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Engraving of Elizabeth Raffald from the 1782 edition of her The Experienced English Housekeeper
Wikimedia Commons

Elizabeth Raffald née Whitaker (baptised 1733 – 19 April 1781) was an English entrepreneur born in Doncaster, now chiefly remembered for her 1769 book The Experienced English Housekeeper.[a]Full title is The Experienced English Housekeeper, for the Use and Ease of Ladies, Housekeepers, Cooks, &c. The book contains 900 recipes, many of them never seen in print before, and some describing modern confections such as wedding cake for the first time.

Raffald’s initial 15-year career in domestic service culminated in a spell as housekeeper for Lady Warburton at Arley Hall in Cheshire. She subsequently opened a confectionery shop in Manchester, from where she also ran a cookery school and what was probably Manchester’s first employment agency for servants.

With her husband John, the Raffalds had at least nine children, all of them daughters, of whom only three survived into adulthood.[1]

Working life

Between 1748 and 1763 Elizabeth Raffald was employed in domestic service and ultimately as a housekeeper by several families, including the Warburtons of Arley Hall in Cheshire, where she met her future husband, John Raffald, Arley Hall’s head gardener. In 1763 the couple moved to Manchester, where Elizabeth opened a confectionery shop and John ran a floristry shop. As well as writing The Experienced English Housekeeper, published in 1769, she also ran a school of cookery and domestic economy and opened what was probably Manchester’s first register office, an employment agency for servants.[1] Raffald’s book was very well received, going through 13 authorised editions and at least 23 pirated ones.[2] In 1773 she sold the copyright to her publisher for £1400, equivalent to about £163,000 as of 2017.

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First page of the Manchester Street Directory (1772)
Wikimedia Commons

Raffald produced the first trade directory of Manchester and Salford, published in 1772 and revised and reissued in 1773 and 1781. She also invested in two local newspapers – the Manchester Mercury and the Prescott’s Journal – and wrote a book on midwifery with Charles WhiteEnglish physician and a co-founder of the Manchester Royal Infirmary, along with local industrialist Joseph Bancroft. , one of the founders of the Manchester Royal Infirmary.[1]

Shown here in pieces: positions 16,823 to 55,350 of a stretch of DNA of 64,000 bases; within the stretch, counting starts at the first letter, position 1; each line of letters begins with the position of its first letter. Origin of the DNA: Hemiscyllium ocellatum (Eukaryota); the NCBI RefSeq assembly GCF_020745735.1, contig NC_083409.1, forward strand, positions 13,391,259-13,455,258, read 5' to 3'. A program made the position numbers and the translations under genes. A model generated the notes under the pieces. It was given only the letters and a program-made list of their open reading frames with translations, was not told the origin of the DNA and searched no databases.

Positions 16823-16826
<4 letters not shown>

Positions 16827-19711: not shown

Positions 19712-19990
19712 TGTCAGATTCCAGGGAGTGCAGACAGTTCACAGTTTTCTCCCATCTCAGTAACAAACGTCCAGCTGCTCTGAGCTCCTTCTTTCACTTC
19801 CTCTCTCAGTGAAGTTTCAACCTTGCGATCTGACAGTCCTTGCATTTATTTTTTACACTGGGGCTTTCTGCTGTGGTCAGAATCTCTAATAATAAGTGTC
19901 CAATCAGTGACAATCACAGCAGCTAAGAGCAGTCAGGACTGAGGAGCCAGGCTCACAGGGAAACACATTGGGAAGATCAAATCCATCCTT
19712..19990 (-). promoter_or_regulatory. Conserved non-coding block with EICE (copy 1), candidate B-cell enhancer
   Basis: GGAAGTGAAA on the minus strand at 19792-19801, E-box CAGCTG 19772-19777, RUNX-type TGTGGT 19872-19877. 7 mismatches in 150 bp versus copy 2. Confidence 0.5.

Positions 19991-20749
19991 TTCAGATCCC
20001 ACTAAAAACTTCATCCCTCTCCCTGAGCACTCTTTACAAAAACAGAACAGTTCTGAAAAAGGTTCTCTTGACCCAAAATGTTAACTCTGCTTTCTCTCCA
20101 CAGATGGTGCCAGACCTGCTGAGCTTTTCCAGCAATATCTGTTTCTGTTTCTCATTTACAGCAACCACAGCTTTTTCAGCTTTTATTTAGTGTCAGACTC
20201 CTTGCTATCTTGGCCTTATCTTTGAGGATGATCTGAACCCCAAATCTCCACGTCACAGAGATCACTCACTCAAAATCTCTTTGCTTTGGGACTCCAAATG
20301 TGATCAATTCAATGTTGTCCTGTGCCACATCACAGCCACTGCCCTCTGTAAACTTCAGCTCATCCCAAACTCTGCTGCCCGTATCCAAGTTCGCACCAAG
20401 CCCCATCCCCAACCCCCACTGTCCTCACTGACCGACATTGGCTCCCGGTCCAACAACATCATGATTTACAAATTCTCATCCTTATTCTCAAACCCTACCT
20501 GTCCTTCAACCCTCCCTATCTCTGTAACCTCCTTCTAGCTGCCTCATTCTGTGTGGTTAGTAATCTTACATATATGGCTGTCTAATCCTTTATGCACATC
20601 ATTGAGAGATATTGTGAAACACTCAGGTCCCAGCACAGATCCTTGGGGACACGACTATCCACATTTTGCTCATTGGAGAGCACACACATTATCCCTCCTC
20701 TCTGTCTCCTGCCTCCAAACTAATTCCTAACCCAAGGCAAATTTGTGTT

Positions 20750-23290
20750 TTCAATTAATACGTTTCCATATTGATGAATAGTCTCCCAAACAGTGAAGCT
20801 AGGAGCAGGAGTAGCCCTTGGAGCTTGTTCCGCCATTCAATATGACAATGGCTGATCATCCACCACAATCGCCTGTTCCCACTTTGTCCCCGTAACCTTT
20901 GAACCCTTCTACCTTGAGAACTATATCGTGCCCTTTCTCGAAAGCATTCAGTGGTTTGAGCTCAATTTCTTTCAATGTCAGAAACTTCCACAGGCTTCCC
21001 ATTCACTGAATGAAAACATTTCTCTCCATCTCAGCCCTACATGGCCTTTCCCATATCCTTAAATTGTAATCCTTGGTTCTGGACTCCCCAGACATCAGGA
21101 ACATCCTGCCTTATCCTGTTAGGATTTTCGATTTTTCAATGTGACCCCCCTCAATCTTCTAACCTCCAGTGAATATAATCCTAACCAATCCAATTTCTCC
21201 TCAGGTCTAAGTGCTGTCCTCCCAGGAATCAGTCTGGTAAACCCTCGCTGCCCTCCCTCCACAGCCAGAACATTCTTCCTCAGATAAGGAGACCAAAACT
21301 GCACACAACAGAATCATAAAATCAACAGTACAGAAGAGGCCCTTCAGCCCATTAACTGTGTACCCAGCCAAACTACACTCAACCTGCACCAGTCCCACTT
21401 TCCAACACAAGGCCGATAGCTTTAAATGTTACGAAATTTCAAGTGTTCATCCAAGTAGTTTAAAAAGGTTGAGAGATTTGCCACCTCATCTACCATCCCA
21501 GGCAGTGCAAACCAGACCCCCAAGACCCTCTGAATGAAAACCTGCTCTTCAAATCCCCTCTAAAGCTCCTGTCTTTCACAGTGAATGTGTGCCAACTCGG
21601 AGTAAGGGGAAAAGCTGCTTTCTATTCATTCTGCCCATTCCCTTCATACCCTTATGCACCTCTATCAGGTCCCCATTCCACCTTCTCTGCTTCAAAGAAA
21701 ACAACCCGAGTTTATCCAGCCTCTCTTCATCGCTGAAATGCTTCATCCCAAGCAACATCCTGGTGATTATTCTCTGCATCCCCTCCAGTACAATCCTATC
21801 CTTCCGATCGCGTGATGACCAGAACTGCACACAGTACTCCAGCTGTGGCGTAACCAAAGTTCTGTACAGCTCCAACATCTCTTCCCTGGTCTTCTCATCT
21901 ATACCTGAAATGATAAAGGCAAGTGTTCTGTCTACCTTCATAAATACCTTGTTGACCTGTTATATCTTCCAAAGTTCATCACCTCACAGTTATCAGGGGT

In 1772 the Raffalds took over a coaching inn, The King’s Head in Chapel Street, Salford, in which she organised regular fortnightly entertainments, all advertised in the Manchester Mercury. Elizabeth Raffald died suddenly at the age of forty-eight and was buried in the churchyard at Stockport among her husband’s ancestors. A man of “improvident and irregular habits”, John subsequently moved to London, where he lived “extravagantly” until his own death at the age of eighty-five. He may have sold the manuscript of Raffald’s midwifery book, but if it was ever published its title is unknown.[1]

Raffald is reported to have been a “shrewd, tactful and strong-willed woman”, perhaps evidenced by her response when the publisher R. Baldwin suggested that she ought to rewrite several northern expressions included in her cookery book: “What I have written I proposed to write at the time; it was written deliberately, and I cannot admit to any alteration”.[1]

Cookery innovations

Raffald’s book was a definitive work of instruction for fine dining using basic cooking principles, aimed at novices. She was the first to offer the combination of bride cake, almond paste, and royal icing, what we know today as wedding cake,[3] and may also have devised the modern Eccles cakeNamed after the town in Lancashire where it was first made, the Eccles cake is a confection made of flaky pastry filled with currants. – which she called a sweet pattie in her book – using flaky pastry instead of a yeast-based mix.[4]


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A blue plaque marked the site of the Bulls Head pub which Raffald ran on Market Place in Manchester after leaving her confectionery shop. It was damaged in the 1996 Manchester bombing and replaced in 2011 with a new black version on the Marks and Spencers Building, 7 Market Street.[5] In 2012 Arley Hall announced that some of Raffald’s recipes would be added to the menu in the hall’s restaurant. General manager Steve Hamilton called her “a huge character in Arley’s history and it is only right that we mark her contribution to the estate’s past”.[2] In 2015 Elizabeth Raffald was one of six women nominated for a public vote to decide on the subject of a new statue in Manchester.[6]


a Full title is The Experienced English Housekeeper, for the Use and Ease of Ladies, Housekeepers, Cooks, &c.



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